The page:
Most of the lessons I’ve posted on my site have dealt with imagery taken from camera payloads on satellites. So it should be no shocker that I’ve relayed this NewScientist post of a nice picture of the Albertine Rift, showing where the Earth’s tectonic plates are splitting East Africa apart. Here’s the picture, straight from the NewScientist’s site:
However, it’s not a true picture. The image is really an aggregation of radar data, taken over the course of a year by the European Space Agency’s (ESA) Envisat. The colors were added in afterwards to highlight changes in water level and the earth’s surface. Envisat had several payloads on it, but it sounds like the data came from this one: ASAR (Advanced Synthetic Aperture Radar). According to the wiki, this payload had “sub-millimeter precision” for detecting changes in surface heights. According the NewScientist post, Envisat collected this data between 2007 and 2008. I’m guessing the data from Envisat and ASAR is surfacing now, as this image, because a lot of analysis needed to happen and a lot of crunching of numbers also occurred. Or it could be just a slow news day.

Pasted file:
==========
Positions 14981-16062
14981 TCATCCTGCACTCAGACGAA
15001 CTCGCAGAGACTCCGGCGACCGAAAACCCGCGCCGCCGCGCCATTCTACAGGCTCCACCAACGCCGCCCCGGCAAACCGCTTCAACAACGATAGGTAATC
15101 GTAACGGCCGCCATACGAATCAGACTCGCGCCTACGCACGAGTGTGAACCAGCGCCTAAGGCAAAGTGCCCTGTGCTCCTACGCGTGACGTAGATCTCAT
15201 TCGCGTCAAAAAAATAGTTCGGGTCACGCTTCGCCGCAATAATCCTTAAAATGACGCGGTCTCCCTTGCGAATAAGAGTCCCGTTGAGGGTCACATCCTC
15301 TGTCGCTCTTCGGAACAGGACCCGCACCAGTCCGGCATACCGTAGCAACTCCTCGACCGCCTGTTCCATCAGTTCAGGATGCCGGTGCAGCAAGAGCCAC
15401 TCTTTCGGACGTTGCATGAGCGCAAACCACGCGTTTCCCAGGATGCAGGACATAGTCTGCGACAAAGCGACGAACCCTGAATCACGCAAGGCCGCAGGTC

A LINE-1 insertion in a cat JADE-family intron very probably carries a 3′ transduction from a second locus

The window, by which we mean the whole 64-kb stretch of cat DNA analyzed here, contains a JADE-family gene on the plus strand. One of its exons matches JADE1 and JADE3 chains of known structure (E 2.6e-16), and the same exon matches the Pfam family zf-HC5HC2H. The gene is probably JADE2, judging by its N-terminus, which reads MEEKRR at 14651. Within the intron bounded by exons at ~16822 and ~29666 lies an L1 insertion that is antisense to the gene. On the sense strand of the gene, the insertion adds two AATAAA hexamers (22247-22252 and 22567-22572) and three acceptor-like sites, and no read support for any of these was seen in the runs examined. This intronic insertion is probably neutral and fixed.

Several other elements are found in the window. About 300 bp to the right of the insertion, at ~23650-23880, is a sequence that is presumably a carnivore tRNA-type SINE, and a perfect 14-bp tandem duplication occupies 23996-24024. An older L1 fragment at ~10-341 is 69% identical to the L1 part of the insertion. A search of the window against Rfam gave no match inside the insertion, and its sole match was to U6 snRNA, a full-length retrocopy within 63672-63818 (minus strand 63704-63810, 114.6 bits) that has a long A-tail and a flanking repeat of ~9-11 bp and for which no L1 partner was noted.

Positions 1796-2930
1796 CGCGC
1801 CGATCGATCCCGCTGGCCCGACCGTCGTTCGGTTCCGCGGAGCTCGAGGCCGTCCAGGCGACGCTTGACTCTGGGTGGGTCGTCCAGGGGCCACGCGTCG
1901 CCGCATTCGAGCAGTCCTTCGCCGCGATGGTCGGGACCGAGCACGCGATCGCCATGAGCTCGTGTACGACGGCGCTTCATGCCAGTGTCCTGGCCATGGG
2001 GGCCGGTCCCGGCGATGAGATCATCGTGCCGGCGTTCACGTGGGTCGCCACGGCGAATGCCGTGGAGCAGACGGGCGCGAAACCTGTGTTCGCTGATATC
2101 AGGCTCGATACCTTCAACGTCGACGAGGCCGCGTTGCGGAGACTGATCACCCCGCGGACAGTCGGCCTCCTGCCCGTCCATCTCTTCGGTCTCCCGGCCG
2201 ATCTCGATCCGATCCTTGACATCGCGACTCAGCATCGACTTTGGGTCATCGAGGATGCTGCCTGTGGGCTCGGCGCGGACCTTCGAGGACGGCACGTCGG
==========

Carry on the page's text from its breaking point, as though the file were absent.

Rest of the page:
Envisat was a sun-synchronous low earth orbiting satellite. I say was, because the Europeans lost contact with it in 2012 and they consider it a lost cause. So thanks for adding a little more space junk to our orbits, ESA!!
- Sensors orbits and resolutions (84002830rs.wordpress.com)
- 18 Striking Images from Space Show Earth’s Rich Tapestry (twistedsifter.com)
- Satellite rainbow shows where Earth is splitting apart (newscientist.com)
- Incredible Satellite Photos of Earth from the European Space Agency (photovide.com)
- A Decade Of Observing Earth From Space Has Given Us These Breathtaking Views [PHOTOS] (businessinsider.com)
- Space Junk Explained: How Orbital Debris Threatens Future of Spaceflight (Infographic) (space.com)